Syndications: A shared perspective?

Another way of mobilizing finance is through syndications, whether with other impact investors, commercial banks, or other parties, all with the aim of maximizing impact through catalyzing third-party capital for emerging markets.

Syndicated facilities differ from bilateral facilities (in which there is one investor and investee) in that there is more than one lender involved, working together to pool funds for the borrower. Various co-financing arrangements are possible, such as an A/B loan program or a parallel loan program. There can be many reasons to undertake a syndicated facility, at least from the side of the lenders—from spreading or mitigating the risk, to diversifying the funding pool of the client. Within the sphere of development finance, syndications therefore function as a key factor when it comes to mobilizing capital, allowing lenders to attract investors more readily to their markets. That said, while all players in the realm of development finance can find common footing in regards the previous statement, a plethora of different views, experiences, and opinions bubble up when it comes to the actual nitty-gritty on how syndications are perceived. From fellow Development Finance Institutions (DFI) to impact investors, we peek behind the curtain to get a better understanding of the multi-faceted world of syndications, its evolution, and more.

Gonzague Monreal

Gonzague Monreal currently works at France’s DFI, PROPARCO, in the Financial Institution & Inclusion Department as the Head of Latin America and Asia. He has been in this role for the past 3.5 years, and prior to that spent 6 years as a Senior Investment Officer in Banking and Capital Markets.

In 2012, PROPARCO, FMO, and DEG—Germany’s DFI—created the Friendship Facility, a co-financing facility started with the aim of having all 3 DFIs unify their resources, mobilizing up to EUR 90 million, while only having one out of the three partners responsible for monitoring or project appraisal per facility. Two years later, 25% of PROPARCO’s deals were closed through syndications with DEG or FMO. “The original goal was to do a greater number of projects,” Gonzague says. “By sharing client portfolios and project leads, it led to more projects for us all.” But it extends beyond sharing deal information between the three DFIs, translating into benefits directly impacting both sides of syndicate facilities. Through the Friendship Facility, a great deal of redundancy was minimized, by funnelling it down to one point-of-contact and cutting down on endless processes. Whichever DFI was the leader would be almost exclusively in contact with the customer, through one project manager. “It made the process less cumbersome and costly for our clients,” Gonzague goes on, “and it was also far less time-consuming for us DFIs, from Due Diligence to legal work. Doing the process only once saves a lot of time for all.” In other words, the many years the three DFIs spent aligning processes such as standard credit agreements finally paid off; a syndicated facility essentially meant that only one “key” was necessary to unlock the “door” to a world of potential new projects. And since, at the time, FMO, DEG, and PROPARCO were going through rapid growth, the Friendship Facility was key to supporting that growth. So, what did the “day-to-day” rhythm look like down the road? Gonzague has worked on roughly 10 different Friendship Facility deals, and while within the Financial Institutions department it’s less likely to have all 3 DFIs working together simultaneously, it’s still common for 2 of the DFIs to work together. While most of the clients are usually already well-known, the Friendship Facility has helped make deals materialize that otherwise would not have been possible. As Gonzague says, “Being able to put together more money than other partners has helped make significant landmark transactions with sophisticated, high-profile parties, and sharing views with each other allowed to find comfort in riskier or more unusual transactions.”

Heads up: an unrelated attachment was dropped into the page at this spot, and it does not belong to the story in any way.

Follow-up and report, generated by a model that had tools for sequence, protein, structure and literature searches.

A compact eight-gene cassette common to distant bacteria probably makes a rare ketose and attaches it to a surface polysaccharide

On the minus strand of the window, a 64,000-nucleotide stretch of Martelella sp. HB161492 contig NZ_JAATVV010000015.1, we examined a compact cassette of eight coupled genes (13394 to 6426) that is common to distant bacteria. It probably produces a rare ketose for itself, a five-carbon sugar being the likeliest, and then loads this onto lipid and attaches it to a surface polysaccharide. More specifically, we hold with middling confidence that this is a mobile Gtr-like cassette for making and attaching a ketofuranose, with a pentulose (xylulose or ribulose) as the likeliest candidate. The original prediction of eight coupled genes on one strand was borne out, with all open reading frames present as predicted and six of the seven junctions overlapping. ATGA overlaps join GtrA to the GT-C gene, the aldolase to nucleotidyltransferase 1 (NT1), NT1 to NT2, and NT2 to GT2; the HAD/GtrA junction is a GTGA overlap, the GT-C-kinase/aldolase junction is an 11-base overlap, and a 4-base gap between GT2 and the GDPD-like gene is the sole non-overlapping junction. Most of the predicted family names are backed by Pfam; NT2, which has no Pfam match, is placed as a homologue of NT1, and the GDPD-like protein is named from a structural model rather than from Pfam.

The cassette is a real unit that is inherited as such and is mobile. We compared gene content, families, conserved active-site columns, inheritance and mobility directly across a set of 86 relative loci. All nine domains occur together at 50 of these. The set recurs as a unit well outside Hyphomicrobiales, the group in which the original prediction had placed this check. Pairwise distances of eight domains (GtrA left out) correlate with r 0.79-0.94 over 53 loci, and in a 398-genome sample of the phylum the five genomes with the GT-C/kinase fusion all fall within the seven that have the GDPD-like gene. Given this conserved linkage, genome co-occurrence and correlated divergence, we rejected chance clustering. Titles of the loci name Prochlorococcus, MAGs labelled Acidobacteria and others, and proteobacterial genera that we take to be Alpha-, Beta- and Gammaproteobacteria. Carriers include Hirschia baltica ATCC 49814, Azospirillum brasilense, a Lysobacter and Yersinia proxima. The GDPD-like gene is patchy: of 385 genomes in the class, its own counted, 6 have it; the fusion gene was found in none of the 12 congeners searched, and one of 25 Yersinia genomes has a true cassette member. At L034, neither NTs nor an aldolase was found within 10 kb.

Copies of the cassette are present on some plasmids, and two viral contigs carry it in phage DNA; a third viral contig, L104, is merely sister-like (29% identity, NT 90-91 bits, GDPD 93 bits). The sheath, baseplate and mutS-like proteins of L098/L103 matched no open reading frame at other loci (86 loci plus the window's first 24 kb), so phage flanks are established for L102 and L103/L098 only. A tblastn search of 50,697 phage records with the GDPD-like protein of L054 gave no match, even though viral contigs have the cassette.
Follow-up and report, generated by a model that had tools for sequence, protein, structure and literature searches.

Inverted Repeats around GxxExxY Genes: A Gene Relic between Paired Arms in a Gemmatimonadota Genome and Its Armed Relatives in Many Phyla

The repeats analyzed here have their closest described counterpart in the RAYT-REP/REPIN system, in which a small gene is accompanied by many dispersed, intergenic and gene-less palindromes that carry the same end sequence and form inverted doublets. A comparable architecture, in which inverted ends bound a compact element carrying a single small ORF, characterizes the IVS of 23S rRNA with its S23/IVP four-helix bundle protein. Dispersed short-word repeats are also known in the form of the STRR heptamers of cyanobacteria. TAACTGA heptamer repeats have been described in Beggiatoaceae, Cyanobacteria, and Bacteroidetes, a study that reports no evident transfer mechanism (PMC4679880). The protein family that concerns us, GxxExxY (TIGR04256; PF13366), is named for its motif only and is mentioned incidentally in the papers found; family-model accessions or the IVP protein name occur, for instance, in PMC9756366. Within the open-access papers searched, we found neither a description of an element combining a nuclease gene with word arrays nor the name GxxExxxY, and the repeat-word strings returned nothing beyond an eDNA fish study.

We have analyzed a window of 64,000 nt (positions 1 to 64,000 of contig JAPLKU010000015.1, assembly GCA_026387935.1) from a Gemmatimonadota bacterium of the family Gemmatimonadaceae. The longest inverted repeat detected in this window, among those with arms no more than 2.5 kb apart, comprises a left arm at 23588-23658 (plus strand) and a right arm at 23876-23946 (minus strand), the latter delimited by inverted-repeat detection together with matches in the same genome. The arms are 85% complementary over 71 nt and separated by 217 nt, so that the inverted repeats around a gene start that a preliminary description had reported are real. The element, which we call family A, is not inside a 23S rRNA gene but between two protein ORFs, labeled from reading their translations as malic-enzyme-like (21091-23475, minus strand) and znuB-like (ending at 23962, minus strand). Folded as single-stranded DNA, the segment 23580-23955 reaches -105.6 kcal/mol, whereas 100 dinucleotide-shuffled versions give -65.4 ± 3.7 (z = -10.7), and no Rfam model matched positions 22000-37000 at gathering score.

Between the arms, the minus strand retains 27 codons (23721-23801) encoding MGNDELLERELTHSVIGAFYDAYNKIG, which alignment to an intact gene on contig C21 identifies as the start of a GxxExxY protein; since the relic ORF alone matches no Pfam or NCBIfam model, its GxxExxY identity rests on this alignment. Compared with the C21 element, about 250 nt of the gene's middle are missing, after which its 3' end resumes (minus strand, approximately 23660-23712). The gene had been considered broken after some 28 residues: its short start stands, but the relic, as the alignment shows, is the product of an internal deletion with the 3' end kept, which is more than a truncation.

“While most of the clients are usually already well-known, the Friendship Facility has helped make deals materialize that otherwise would not have been possible.”